In force

The influence of exercise and dehydration on the pharmacokinetic and pharmacodynamic profile of beta2-agonists in various human populations

Principal investigator
V. Backer
Copenhagen University Hospital
Year approved

Project description

Code: 12D11VB 

No studies have examined the influence of factors such as exercise and dehydration on the pharmacokinetic profile of asthmatic drugs (beta2-agonists). Exercise may modify the metabolism and excretion of drugs, and sweat loss during exercise can result in dehydration, both affecting the urine concentration of the drug. Furthermore, most current pharmacokinetic studies of beta2-agonists have been performed in non-athlete European subjects, and are therefore not representative for neither athletes nor for the most of the human population not being Europeans. 
During the recent years WADA have changed the restriction towards beta2-agonists with the introduction of urinary thresholds instead of “therapeutic use exceptions” for the commonly used asthmatic drugs salbutamol, salmeterol and formoterol. A large number of studies have investigated the pharmacokinetic profile of these substances, providing support for the urinary threshold of 1000 ng/mL for salbutamol and of 30 ng/mL for formoterol. However, the background evidence for supporting these thresholds is to some degree still inadequate. Humans from various ethnical backgrounds respond different to drugs. 
The genetic variations and impact of exercise and fluid intake are of crucial relevance when it comes to determination of urinary thresholds on the prohibited list. Today, little are known of the pharmacokinetic and pharmacodynamic profile of asthmatic drugs in response to exercise or of genetic variations. It is not unreasonable to assume that therapeutic use of asthmatic medication could result in urine concentrations above the urinary threshold limit of salbutamol, and hence a false positive doping test. If this is the case, the current threshold on the prohibited list may be too low and should be changed. 
The purpose of this study is to examine the pharmacokinetic and pharmacodynamic profile of inhaled beta2-agonists in athletes’ blood and urine during exercise and dehydration, as well as the variations between ethnical groups.

Main Findings: 

The purpose of the research proposal was to investigate the influence of exercise and deshydration on the pharmacokinetics of therapeutic inhaled salbutamol and terbutaline in healthy well-trained men. In study I, we investigated pharmacokinetics of salbutamol after inhalation of the maximal WADA-permitted dose (8×200 μg) during three conditions: exercise (EX), exercise+dehydration (EXD) and rest (R). Exercise consisted of 75 min cycling at 60% of VO2max and a 20-km time-trial. Fluid intake was 2300, 270, and 1100 mL during EX, EXD, and R, respectively. The 2016 WADA decision limit (1200 ng/mL) for salbutamol was exceeded in 23, 31, and 10% of the urine samples during EX, EXD and R, respectively, when unadjusted for USG. When adjusted for USG, the corresponding percentages fell to 21, 15, and 8%. During EXD, mean urine concentrations of salbutamol exceeded (1325±599 ng/mL) the decision limit 4 h after administration when unadjusted for USG. Our data from study I demonstrated a high risk of AAFs in urine samples of salbutamol the first 6 hours after inhalation during EXD and EX with 28 and 20% samples being above the threshold limit for salbutamol, respectively. Adjustment of samples to a USG of 1.02 g/mL reduced the amount of false positive AFFs. Nine of 13 subjects had urine samples that exceeded the decision limit, hence being false positive. In conclusion, exercise and dehydration affect urine concentrations of salbutamol and increase the risk of Adverse Analytical Findings in samples collected after inhalation of that maximal permitted (1600 μg) for salbutamol. This should be taken into account when evaluating doping cases of salbutamol.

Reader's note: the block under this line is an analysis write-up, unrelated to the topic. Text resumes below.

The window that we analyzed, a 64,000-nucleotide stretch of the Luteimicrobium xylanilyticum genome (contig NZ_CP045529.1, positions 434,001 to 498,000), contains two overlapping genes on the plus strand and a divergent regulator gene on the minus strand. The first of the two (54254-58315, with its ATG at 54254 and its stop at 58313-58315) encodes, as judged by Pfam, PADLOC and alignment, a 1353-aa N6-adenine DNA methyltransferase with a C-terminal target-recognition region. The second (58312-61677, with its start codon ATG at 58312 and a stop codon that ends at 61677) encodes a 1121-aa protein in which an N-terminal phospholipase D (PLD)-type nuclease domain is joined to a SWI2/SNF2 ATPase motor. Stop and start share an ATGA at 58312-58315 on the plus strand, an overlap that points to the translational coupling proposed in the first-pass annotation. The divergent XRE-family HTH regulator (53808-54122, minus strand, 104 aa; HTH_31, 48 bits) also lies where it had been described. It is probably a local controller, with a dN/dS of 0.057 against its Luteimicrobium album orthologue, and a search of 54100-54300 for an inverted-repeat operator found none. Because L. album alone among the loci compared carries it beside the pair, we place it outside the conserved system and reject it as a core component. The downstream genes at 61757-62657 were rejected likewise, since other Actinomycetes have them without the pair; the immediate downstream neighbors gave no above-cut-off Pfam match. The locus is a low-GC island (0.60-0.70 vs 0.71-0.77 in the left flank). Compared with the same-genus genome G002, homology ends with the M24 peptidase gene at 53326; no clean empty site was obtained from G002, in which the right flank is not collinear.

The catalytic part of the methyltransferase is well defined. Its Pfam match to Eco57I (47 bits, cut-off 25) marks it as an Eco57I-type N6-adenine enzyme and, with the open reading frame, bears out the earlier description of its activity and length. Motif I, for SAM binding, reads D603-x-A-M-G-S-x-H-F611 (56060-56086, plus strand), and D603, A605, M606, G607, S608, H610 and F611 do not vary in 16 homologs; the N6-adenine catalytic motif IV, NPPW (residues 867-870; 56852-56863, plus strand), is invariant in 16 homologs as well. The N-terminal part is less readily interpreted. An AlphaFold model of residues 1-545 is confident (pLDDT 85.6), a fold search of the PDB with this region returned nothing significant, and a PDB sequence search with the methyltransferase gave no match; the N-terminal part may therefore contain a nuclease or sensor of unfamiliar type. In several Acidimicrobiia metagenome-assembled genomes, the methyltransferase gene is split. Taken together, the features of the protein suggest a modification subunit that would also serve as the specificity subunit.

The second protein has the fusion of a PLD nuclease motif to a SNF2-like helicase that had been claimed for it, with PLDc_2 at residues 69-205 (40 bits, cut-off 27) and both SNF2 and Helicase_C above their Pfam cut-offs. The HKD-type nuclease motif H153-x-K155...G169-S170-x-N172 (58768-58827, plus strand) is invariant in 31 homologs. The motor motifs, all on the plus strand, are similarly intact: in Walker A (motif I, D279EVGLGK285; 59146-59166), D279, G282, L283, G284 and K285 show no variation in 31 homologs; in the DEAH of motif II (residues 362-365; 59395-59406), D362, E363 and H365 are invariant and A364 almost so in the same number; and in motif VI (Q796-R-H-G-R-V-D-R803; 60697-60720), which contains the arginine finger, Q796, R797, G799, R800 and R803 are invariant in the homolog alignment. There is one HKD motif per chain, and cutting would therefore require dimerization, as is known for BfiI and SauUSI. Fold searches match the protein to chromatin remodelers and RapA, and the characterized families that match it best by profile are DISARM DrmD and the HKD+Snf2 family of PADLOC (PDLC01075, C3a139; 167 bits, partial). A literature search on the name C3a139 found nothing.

In study II, we investigated pharmacokinetics of terbutaline after inhalation of 8×500 μg as a single dose during three conditions: Exercise in hot ambient conditions (30-35°C)(EXH), exercise in normal ambient conditions (20-25°C)(EX), and rest (20-25°C)(R). Exercise consisted of 130 min at various intensities. When unadjusted for USG, urine concentrations of terbutaline after 4 h were different in the order EXH>EX>R (P≤0.01). When unadjusted for USG, urine concentrations of terbutaline were 299±151 ng/mL higher (P≤0.001) after 4 h compared to adjusted concentrations in EXH. In conclusion, exercise in hot ambient conditions results in higher urine concentrations of terbutaline. This should be taken into account when evaluating doping cases of terbutaline. 
Our observations from study I & II clearly indicate that dehydration due to insufficient fluid intake or exercise in hot ambient conditions increases urine concentrations of beta2-agonists in urine samples that are unadjusted for USG. While adjustment of urine samples for USG also has some limitations, the present findings suggest that it may be relevant to consider USG of beta2-agonist urine samples in doping control.